Community-Based Advocacy

A free, private, safe and confidential service offered by domestic violence advocates at non-profit agencies.  Community-based advocates are trained to support people experiencing domestic violence, and to help navigate through different systems.

Community based advocates can help with:

  • safety planning
  • finding housing or shelter
  • legal help and legal advocacy
  • financial support
  • eviction prevention
  • support groups and emotional support
  • counseling for you and your children
  • relocation
  • education and job training
  • applying for TANF
  • medical and dental care
  • assistance with immigration issues
  • transportation
  • other additional resources
  • exploring options

Housing, shelter and flexible financial assistance

Finding housing in our region can take time because shelter space and affordable housing are quite limited. Domestic violence programs have access to funds to help prevent eviction for people who are already housed, and to get people re-housed.  When you call the DVHopeline, advocates will explore your housing needs, and may walk through a brief housing needs assessment with you.  This can take up to 30 minutes. 

Because shelter space and affordable housing are quite limited in our community, we can also help you explore other options for your safety.

Programs for domestic violence survivors in King County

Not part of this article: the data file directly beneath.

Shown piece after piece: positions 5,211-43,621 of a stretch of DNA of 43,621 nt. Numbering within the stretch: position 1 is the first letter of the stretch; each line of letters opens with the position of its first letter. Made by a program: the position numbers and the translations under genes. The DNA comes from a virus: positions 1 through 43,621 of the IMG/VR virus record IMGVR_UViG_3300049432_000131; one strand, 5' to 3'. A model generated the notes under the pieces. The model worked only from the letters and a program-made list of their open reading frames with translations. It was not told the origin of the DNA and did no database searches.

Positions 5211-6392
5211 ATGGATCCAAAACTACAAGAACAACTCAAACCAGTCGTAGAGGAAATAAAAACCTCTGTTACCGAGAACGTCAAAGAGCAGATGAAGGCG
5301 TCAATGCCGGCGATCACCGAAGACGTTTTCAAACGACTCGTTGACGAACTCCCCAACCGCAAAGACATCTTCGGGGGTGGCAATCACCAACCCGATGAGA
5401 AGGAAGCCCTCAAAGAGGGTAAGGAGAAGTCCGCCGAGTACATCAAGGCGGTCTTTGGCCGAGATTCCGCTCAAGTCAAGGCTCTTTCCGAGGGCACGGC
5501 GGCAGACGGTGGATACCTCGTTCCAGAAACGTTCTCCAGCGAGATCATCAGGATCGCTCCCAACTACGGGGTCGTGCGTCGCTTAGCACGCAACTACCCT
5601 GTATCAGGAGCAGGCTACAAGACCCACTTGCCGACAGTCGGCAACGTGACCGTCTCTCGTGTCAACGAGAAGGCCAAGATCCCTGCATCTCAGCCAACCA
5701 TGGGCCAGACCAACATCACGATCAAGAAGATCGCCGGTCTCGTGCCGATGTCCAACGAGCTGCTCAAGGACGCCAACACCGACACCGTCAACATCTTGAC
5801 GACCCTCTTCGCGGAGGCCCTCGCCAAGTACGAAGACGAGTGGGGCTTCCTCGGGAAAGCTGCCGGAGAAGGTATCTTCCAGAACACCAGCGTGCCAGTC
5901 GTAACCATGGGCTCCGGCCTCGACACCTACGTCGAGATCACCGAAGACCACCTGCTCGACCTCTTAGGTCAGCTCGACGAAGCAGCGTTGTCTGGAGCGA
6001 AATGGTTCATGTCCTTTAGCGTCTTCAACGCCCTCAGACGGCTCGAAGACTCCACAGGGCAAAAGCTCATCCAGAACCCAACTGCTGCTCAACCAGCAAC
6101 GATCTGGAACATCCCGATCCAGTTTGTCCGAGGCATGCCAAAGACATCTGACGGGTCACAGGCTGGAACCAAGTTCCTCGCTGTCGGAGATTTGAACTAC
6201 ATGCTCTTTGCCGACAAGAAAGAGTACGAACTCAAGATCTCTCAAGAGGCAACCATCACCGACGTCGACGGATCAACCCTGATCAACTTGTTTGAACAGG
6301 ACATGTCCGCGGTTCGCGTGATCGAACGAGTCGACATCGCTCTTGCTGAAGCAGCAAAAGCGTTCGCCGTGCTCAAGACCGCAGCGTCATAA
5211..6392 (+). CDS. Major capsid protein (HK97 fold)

These programs serve DV survivors and their children from any community:

Culturally specific programs for domestic violence survivors

These programs in King County serve people experiencing domestic violence who want to get services in the context of their own language and culture, and are staffed by advocates who come from these communities:

Support for Teens

Legal Resources for domestic violence survivors

Meeting Immediate Needs

We can help you find resources for immediate assistance with food, diapers, formula and supplies for your kids from:

“Freedom from domestic violence is possible for everyone.”

“Survivors of domestic violence display a stunning capacity for survival and perseverance.”

“Asking for help is probably one of the hardest things a person can do, but it’s one of the best things a person can do.”

“Developing support systems and mobilizing resources helps survivors of domestic violence to be resilient and ultimately to recover from domestic violence.”

“Love and care from trusted adults, and a safe and predictable environment help children and young people heal from domestic violence.”

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